There are two types of items which can be taken from a church - fixtures which are considered to be part of the building, such as pews or windows, and chattels which are not fixed to the building such as candlesticks and vestments. There is a grey area on things like hanging light fittings and paintings, which may sometimes be fixtures and sometimes not.

If the church is still in use or owned by a religious body then its permission must be sought by the person wishing to sell or dispose of the items. This permission is known as a 'faculty' in Church of England and Roman Catholic churches and may be given as part of a scheduled change to the church which might be known as a 'reordering'.

What can be sold and when?

For a person from a church to sell chattels from a working church the following permission is needed:
• A faculty or church authority under a reordering scheme

For a person from a church to sell fixtures from a working church which is not listed and not in a conservation area the following permissions are needed:
• A faculty or church authority under a reordering scheme

For a person from a church to sell fixtures from a working church which is not listed but is in a conservation area the following permissions are needed:
• A faculty or church authority under a reordering scheme
• Listed building consent if an Article 4 direction is in place, unless the removal of the fixture does not affect the buildings historic character or significance (such an item might be, for example, a 1980's display board).

For a person from a church to sell fixtures from a working church which is listed but has ecclesiastical exemption the following permissions are needed:
• A faculty or church authority under a reordering scheme
• Listed building consent for a separately listed building in the churchyard
• Planning permission if there is a change to the exterior of the church but please note that it is also encumbent on the church authorities to have notified the DLTR or its current equivalent (See more here).

For a person from a church to sell fixtures from a working church which is listed but does not have ecclesiastical exemption the following permissions are needed:
• A faculty or church authority under a reordering scheme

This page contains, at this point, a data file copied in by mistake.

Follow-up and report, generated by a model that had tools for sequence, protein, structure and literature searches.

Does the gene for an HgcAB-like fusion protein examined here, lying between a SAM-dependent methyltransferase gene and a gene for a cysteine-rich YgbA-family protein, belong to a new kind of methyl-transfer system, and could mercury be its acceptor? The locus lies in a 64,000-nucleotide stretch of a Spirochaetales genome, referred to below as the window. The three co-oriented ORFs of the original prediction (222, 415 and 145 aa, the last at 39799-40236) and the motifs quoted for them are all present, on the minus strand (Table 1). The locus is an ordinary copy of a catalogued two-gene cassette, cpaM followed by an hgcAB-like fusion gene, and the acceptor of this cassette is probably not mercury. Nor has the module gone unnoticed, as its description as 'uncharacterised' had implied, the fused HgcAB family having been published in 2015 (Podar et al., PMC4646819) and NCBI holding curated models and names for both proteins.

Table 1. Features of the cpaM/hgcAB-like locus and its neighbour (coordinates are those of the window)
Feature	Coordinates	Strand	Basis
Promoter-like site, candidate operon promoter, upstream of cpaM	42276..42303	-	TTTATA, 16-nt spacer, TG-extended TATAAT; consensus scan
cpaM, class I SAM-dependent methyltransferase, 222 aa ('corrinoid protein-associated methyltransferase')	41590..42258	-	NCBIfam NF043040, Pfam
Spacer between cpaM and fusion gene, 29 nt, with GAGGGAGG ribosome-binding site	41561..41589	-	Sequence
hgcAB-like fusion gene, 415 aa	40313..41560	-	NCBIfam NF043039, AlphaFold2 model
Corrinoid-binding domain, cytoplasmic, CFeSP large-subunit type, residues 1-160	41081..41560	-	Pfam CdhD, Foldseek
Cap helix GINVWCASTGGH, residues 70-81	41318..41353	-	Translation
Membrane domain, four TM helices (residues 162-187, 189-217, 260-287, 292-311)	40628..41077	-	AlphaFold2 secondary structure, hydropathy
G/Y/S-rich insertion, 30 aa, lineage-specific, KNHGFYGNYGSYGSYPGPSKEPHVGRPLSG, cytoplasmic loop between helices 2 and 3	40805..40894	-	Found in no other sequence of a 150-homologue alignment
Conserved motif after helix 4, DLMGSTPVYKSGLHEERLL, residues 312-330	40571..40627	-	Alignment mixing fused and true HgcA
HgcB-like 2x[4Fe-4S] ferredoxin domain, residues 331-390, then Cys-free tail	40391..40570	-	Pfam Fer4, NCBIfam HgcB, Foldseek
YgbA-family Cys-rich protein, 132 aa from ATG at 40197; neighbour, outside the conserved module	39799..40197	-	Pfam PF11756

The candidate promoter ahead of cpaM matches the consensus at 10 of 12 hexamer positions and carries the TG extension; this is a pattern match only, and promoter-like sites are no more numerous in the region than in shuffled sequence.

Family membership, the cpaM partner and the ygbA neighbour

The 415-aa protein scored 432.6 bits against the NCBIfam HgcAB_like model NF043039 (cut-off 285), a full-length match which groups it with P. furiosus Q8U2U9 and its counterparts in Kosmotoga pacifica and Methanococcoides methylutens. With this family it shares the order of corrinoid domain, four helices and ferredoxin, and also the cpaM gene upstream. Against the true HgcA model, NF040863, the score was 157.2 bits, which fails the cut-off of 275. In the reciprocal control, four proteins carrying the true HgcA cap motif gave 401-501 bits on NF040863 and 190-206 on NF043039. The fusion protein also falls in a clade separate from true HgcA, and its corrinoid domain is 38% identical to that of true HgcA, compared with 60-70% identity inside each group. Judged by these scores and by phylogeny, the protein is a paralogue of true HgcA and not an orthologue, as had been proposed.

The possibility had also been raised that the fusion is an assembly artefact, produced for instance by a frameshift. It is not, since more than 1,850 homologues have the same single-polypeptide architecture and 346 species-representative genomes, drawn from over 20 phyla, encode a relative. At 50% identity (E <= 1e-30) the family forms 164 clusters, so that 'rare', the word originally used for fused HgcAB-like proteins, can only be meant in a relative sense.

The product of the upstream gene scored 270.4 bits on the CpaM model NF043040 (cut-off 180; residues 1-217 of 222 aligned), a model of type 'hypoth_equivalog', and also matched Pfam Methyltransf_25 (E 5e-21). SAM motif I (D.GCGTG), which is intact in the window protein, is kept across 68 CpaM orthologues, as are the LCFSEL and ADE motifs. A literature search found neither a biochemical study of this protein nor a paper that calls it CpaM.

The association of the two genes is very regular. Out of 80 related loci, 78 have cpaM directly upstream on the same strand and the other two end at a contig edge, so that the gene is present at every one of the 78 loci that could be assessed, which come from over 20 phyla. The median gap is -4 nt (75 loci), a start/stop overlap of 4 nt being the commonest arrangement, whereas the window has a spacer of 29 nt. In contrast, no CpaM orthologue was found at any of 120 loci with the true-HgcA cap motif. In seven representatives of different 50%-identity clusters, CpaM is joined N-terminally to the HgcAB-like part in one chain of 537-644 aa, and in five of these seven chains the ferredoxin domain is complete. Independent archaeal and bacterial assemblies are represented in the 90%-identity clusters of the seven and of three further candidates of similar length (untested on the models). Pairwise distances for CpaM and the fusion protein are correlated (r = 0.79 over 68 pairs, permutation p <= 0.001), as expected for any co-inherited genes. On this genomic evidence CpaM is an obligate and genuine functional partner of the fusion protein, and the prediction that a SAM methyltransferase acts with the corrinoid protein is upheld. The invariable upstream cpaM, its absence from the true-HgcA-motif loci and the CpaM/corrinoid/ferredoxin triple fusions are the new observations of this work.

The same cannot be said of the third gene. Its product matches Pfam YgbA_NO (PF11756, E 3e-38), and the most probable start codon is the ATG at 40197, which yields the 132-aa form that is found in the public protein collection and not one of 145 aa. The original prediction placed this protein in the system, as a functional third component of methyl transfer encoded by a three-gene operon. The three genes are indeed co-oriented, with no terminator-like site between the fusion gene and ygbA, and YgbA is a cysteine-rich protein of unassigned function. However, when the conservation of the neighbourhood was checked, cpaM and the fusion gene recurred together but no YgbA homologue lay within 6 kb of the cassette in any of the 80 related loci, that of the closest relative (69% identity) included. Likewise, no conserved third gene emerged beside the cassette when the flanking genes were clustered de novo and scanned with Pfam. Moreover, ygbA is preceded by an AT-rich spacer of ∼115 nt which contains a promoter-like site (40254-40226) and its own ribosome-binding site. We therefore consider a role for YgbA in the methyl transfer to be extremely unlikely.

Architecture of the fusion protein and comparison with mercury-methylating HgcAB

• Listed building consent to remove, alter or demolish the item, unless the removal of the fixture does not affect the buildings historic character or significance, for example a ten year old notice board (unless perhaps the notice board itself was made using reclaimed wood from the church pews).
• Planning permission if there is a change to the exterior of the church

For the owner, or authorised agent of the owner, to sell fixtures from a deconsecrated church which is not listed nor in a conservation area the following permissions are needed:
• Planning permission if demolition of the whole is being carried out, unless the structure is dangerous.

For the owner, or authorised agent of the owner, to sell internal fixtures which cannot be seen from public ground outside, from a deconsecrated church which is not listed but is in a conservation area the following permissions are needed:
• Listed building consent if an Article 4 direction is in place
• Listed building consent for any pre-1925 gravestone
• Listed building consent for the demolition of any principal internal element of the structure including any staircase, load-bearing wall, floor structure or roof structure.

For the owner, or authorised agent of the owner, to sell fixtures which can be seen from public ground outside, from a deconsecrated church which is not listed but is in a conservation area the following permissions are needed:
• Listed building consent to remove, alter or demolish any item (unless the item is being replaced without listed building consent - such as roof slates being replaced during a re-roofing job) unless the removal of the fixture does not affect the buildings historic character or significance
• Listed building consent for any pre-1925 gravestone
• Listed building consent if an Article 4 direction is in place
• Planning permission if there is a change to the exterior of the church

For the owner, or authorised agent of the owner, to sell any fixtures, from a deconsecrated church which is listed the following permissions are needed:
• Listed building consent to remove, alter or demolish any item (unless the item is being replaced without listed building consent - such as roof slates being replaced during a re-roofing job) unless the removal of the fixture does not affect the buildings historic character or significance
• Planning permission if there is a change to the exterior of the church